Hawaii Scholastic Journalism Association

Small town troubles portrayed by two local women in musical, The Spitfire Grill

Matthew Calulot

 

Rebirth. Change. Seasons. Beginnings.

These themes are addressed in the newest musical play, The Spitfire Grill. The songs and the story of this character-centric play delve into social issues in the small fictional town of Gillead, Wisconsin.

Kaimuki graduate Jorin Young, 18, plays the fresh-out-of-jail character, Percy, while Maryknoll graduate Rachael Uyeno, 29, plays a mid-30s housewife, Shelby. The story takes place  in a restaurant called “The Spitfire Grill” as various events spiral around the main characters which causes them to change the town’s way of thinking.

Even after having years of experience from community theater plays such as Cinderella and Shakespeare’s, Twelfth Night, these actresses are challenged, portraying characters that clash with their personality.

“You have to allow yourself to be vulnerable… and when you become affected by the emotions of the characters, you can be empathetic,” Young said.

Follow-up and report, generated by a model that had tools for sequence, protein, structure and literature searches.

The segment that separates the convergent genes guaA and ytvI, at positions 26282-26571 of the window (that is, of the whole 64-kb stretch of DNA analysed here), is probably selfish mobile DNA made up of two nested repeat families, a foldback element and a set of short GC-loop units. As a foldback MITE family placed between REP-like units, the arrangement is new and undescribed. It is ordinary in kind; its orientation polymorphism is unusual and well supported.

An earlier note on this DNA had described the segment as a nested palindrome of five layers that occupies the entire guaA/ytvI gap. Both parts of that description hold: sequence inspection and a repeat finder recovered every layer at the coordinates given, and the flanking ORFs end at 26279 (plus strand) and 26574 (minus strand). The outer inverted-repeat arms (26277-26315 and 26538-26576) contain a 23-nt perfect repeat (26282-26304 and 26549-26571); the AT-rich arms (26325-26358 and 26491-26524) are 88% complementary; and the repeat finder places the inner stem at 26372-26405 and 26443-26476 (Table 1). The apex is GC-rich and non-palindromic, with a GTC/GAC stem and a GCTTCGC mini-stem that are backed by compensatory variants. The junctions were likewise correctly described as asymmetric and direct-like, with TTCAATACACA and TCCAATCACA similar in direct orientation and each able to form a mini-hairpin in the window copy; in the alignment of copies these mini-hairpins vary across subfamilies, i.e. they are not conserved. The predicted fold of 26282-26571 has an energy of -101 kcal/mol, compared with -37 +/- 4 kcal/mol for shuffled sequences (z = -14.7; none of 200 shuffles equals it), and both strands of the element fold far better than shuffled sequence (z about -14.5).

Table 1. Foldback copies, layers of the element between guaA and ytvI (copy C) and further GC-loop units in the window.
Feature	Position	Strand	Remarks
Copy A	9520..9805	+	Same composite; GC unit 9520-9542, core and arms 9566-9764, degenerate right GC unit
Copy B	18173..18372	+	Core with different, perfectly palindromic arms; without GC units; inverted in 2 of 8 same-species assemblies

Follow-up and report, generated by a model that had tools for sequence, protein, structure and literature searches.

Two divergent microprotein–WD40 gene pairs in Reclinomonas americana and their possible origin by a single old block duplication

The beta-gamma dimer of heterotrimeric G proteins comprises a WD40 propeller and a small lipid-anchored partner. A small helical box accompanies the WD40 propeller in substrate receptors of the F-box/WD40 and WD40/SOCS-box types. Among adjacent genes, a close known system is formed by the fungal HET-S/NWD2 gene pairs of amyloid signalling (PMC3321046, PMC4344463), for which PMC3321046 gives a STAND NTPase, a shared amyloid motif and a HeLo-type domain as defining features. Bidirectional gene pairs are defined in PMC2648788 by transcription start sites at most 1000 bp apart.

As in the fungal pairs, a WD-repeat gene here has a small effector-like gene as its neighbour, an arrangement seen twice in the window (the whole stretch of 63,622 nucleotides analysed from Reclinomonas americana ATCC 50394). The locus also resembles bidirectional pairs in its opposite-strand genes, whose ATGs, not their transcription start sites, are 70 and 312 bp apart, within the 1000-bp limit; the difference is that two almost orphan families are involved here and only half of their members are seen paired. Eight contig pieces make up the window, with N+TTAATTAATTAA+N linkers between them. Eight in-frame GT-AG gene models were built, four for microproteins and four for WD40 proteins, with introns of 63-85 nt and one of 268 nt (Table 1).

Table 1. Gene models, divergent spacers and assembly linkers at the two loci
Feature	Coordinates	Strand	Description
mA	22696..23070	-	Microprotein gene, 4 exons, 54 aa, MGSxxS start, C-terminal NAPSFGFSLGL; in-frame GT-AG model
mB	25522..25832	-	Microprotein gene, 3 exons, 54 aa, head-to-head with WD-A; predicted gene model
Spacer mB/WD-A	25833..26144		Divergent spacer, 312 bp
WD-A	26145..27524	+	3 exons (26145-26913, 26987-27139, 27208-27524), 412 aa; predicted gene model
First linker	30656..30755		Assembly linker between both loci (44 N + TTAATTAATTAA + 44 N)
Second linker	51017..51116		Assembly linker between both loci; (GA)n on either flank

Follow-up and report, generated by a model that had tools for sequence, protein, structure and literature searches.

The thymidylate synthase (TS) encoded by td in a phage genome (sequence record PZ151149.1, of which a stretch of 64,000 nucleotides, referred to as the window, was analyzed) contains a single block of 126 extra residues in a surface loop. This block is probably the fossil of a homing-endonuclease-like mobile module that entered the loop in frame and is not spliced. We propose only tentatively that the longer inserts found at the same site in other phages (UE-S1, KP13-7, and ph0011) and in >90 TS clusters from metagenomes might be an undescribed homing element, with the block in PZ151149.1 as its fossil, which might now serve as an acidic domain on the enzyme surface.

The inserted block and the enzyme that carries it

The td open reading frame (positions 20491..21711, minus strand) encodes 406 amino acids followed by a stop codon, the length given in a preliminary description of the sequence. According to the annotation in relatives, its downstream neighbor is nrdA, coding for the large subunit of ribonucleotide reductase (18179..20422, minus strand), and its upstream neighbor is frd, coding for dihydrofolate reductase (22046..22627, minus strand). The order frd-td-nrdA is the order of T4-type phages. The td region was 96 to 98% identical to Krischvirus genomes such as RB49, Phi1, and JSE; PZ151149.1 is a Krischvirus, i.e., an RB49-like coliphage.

She stated that she does not relate much to Percy, which made playing her character a new experience. After researching key information from the novel and receiving lessons from a dialect coach to teach her to have a southern accent, she wishes to truly show the feelings of a character that is trying to “start anew”.

In addition to that, she added that there were some songs that required her to speak in a softer voice which differed from the normal energetic voice that she uses in the characters she portrays in other musicals.

“The problem was that I was judging her (Percy) instead of trying to understand her,” Young said. “Afterwards, I could finally feel the emotions of a character that recently came out of jail.”

As for Uyeno’s character, she had to portray a person who she did not want to be. It was difficult for her to relate to some who is “shy, and completely domineered by her husband.”. It was the opposite of her previous role as the dramatic and overbearing, Antonia in the Twelfth Night.

“However, it is very satisfying to take the character on a journey to become a better person,” Uyeno said.

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